BROADBAND COMMUNITIES is the leading source of information on digital and broadband technologies for buildings and communities. Our editorial aims to accelerate the deployment of Fiber-To-The-Home and Fiber-To-The-Premises.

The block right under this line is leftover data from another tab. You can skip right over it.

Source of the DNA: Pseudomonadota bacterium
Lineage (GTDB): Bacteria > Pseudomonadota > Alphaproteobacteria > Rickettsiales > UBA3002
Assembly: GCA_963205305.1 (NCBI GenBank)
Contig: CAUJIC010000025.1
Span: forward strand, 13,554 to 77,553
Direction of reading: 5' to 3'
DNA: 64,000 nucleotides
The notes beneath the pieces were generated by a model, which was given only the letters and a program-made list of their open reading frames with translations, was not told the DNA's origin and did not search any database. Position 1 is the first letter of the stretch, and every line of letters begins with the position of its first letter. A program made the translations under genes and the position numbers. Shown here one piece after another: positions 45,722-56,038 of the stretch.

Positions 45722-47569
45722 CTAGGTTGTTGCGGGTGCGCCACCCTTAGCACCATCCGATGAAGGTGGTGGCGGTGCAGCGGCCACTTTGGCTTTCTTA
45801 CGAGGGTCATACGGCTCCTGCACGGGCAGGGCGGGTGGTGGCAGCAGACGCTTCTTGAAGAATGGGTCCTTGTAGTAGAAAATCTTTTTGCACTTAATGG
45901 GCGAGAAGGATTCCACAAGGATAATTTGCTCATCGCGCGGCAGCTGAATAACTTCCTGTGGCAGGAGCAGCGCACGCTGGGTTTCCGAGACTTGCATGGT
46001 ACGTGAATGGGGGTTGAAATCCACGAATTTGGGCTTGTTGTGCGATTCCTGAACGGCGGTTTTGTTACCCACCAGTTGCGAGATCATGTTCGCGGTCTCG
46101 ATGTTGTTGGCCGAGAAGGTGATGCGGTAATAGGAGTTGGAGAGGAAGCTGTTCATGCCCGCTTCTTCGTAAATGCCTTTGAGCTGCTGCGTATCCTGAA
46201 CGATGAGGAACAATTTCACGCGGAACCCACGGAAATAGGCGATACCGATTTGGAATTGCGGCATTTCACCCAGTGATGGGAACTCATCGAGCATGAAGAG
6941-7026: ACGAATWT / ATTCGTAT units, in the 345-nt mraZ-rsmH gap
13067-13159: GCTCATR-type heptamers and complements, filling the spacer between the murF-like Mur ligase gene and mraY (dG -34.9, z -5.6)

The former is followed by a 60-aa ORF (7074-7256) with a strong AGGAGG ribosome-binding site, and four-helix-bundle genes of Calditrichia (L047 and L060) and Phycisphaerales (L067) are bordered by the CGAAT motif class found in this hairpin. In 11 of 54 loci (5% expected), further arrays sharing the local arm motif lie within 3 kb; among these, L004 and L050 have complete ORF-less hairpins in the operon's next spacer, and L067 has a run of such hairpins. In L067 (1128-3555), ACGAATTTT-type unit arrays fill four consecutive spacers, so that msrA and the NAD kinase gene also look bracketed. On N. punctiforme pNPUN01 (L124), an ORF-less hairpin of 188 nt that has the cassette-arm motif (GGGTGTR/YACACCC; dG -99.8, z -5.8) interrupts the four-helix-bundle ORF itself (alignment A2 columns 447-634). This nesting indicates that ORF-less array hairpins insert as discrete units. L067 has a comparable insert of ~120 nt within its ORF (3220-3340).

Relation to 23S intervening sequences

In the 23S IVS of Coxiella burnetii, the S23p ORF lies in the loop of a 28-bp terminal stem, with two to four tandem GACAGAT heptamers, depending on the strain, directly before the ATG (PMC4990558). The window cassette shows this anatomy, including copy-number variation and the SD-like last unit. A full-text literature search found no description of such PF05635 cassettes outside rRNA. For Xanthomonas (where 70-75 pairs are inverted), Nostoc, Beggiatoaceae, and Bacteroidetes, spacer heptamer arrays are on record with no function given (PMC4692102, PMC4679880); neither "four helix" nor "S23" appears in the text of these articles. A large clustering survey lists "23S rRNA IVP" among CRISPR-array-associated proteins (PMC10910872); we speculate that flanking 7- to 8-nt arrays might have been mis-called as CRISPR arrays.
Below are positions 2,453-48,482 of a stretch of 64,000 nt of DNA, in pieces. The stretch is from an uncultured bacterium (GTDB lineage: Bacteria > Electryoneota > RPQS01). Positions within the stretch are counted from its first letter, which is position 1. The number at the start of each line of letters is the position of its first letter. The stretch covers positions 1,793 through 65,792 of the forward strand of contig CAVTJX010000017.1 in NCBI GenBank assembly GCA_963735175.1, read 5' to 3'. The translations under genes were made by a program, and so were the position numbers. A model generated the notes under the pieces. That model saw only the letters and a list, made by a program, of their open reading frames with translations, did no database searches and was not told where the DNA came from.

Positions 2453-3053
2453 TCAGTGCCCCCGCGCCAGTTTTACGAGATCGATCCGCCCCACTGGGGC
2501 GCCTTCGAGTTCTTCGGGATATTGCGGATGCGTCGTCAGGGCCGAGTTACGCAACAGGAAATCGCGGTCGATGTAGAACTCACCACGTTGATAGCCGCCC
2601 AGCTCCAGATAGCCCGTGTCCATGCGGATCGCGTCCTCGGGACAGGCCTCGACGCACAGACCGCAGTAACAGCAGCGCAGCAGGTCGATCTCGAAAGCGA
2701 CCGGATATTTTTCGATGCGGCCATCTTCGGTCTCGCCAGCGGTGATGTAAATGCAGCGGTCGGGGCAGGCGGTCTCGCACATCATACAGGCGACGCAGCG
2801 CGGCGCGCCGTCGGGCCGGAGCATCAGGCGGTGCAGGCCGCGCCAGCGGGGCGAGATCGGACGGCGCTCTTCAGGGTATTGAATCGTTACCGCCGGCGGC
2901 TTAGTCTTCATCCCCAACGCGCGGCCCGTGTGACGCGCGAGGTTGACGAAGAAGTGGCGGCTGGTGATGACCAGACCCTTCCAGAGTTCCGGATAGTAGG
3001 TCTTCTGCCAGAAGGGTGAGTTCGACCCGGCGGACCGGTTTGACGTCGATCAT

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60 | BROADBAND COMMUNITIES | www.broadbandcommunities.com | OCTOBER 2015 BROADBAND APPS Education Drives Demand for Fiber In education, as in other felds, innovation increasingly depends on technology – and that technology involves homes as well as schools. "Homework gap" households without good Internet access will lose educational opportunities. By Rollie Cole / Sagamore Institute for Policy Research R oughly 30 percent of all U.S. households – about 37 million – have one or more children under the age of 18. All those households are or soon will be participating in the educational system. If the trends I identifed at South by Southwest Education (SXSWedu) hold true, most of those households will have clear reasons for subscribing to fber-to-the-home services. SXSWedu is an annual conference held in Austin by the same organization that puts on the huge South by Southwest conferences on flm, music and video games. In 2015, SXSWedu attracted more than 6,000 participants, including (in roughly equal proportions) educators, vendors trying to sell services to educators, and interested observers, such as me. It featured hundreds of sessions, 100-plus exhibitors and, of course, a party at the end of each day. Te size and rapid growth of this conference, which frst launched as a regional event in 2011, shows how much is going on in the world of educational innovation. During the 2014 and 2015 events, I identifed several trends likely to cause communities to demand higher broadband speeds in the near future – not just in schools but wherever teachers or students of any age are found. ONLINE TESTING Te move to online testing is the most immediate driver of bandwidth demand in schools. Te adoption of Common Core and similar standards and assessments, as every parent knows, has led to an increase in federal- and state-mandated testing. Because online testing is clearly faster, better and cheaper, many state regulatory agencies are requiring it, sometimes even before adequate broadband is in place. A number of school districts are struggling because their physical and social infrastructures are not equal to the challenge. In general, testing creates a need for better broadband to and within schools, but students can also beneft from online practice at home. DIGITAL EDUCATIONAL MATERIALS In addition to requiring online testing, state agencies are beginning to mandate the use of digital educational materials. For example, North Carolina, which passed laws to limit municipal broadband in 2011, is restricting state textbook funding to digital materials beginning in fall 2016. A number of huge textbook publishers, such as McGraw-Hill and Pearson, were involved throughout SXSWedu. Teir textbook replacements, which are increasingly graphic and interactive, require large fles to be stored and displayed from somewhere. Publishers made their early experiments work by loading the requisite fles on individual devices in some cases and on school or district servers in others. However, they are facing severe pushback. Students are using devices, such as smartphones and tablets, that have limited storage, and schools and districts are